“All human beings are born free and equal in dignity and rights. They are endowed with reason and conscience and should act towards one another in a spirit of brotherhood.”
The Universal Declaration of Human Rights Article 1 (1948)
It was agreed more than 60 years ago, in the Universal Declaration of Human Rights
adopted in the year 1948, that all human beings are born free and equal in dignity and rights. Many humanitarian conferences have followed this first step in the creation of international norms for human rights that have defined the rights of every individual: both political and civic rights as well as economic, social and cultural rights. These rights are undivided, inalienable and universal. The protection and development of human rights contributes to the struggle for global peace and security and guaranteeing the freedom and dignity of all people.
Estonia's human rights policy
Expansion of the space that values the principles of human rights, democracy, rule of law, and advancement of international law is one of Estonia’s five priorities in foreign policy. Estonia focuses especially on protecting the rights of women, children and indigenous people, because these groups are often more vulnerable than others and are more likely to fall victim to discrimination. Estonia also considers internet freedom to be an undivided part of human rights, as there exists regions the world where freedom of expression, incl. on the Internet, is censored. Another priority for Estonia is the fight against impunity, incl. by aiding the work of the International Criminal Court, to prevent massive violations of human rights and commitment of serious crimes. We work towards developing these rights both through international organisations as well as through bilateral relations.
Estonia's human rights activities in the world
Estonia’s bilateral relations as well as membership in international organisations have created a wide array of possibilities for Estonia to develop and protect human rights and to address the violation of human rights. Estonia is actively involved in human rights through participation in the EU Common Foreign and Security Policy, the UN, the Organization for Security and Cooperation in Europe (OSCE) and the Council of Europe. We are traditionally active in several bodies dealing with human rights: Estonia is a member of the UN Human Rights Council (2013-15), a member of the UN Commission on the Status of Women (2011-15), and a board member of the United Nations Children's Fund (2011-13). The Estonian diplomat Tiina Intelmann is the President of the Assembly of States Parties of the International Criminal Court. In addition, Estonian experts are members of various forums, committees and workgroups. Estonia enforces its human rights priorities in the world via bilateral relations and development cooperation projects.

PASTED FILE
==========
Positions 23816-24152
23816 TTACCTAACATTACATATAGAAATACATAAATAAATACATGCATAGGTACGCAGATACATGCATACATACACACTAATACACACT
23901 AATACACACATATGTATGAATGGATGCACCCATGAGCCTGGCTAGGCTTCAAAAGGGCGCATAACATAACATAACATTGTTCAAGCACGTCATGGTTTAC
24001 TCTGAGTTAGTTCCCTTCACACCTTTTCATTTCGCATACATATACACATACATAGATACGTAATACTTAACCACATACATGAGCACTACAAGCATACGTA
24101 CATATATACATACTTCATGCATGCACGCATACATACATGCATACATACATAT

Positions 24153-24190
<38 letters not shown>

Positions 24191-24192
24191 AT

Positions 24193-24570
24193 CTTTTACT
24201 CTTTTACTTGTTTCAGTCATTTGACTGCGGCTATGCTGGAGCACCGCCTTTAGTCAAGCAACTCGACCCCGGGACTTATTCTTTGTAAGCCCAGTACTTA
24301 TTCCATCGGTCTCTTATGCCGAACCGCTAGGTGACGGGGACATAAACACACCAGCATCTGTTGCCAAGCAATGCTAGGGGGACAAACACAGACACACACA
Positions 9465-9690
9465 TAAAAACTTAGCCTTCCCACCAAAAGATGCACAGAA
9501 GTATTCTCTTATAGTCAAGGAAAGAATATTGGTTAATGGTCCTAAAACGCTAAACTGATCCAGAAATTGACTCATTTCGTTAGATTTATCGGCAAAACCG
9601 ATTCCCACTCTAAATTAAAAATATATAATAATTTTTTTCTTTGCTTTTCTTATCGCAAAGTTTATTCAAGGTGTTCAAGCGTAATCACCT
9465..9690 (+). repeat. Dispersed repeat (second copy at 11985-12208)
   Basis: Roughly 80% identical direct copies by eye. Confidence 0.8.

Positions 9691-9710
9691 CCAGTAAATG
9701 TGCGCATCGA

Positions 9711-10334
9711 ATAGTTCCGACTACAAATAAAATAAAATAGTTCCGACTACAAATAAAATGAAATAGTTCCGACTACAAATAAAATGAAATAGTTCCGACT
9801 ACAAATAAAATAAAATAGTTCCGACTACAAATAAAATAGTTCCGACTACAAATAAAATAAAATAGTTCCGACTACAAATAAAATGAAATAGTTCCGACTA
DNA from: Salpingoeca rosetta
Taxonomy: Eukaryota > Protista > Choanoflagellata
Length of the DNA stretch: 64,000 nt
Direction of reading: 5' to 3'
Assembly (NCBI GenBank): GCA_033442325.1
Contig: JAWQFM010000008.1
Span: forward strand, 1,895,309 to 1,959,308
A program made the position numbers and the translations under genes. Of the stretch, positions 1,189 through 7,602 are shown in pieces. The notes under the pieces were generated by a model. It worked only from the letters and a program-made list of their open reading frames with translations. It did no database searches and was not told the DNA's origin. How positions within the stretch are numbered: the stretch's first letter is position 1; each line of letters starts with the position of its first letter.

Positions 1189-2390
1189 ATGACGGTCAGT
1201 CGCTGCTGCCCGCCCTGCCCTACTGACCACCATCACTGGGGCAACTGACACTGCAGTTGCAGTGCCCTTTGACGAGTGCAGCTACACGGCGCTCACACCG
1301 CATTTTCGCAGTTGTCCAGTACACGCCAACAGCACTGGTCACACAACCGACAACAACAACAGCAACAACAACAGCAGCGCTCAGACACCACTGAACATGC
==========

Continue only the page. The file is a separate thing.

Human rights conventions and Estonia's reports
Estonia is a party in the primary human rights conventions of the UN and is dedicated to defending and developing human rights and universal freedoms both in Estonia as well as through membership in international organisations and via bilateral relations.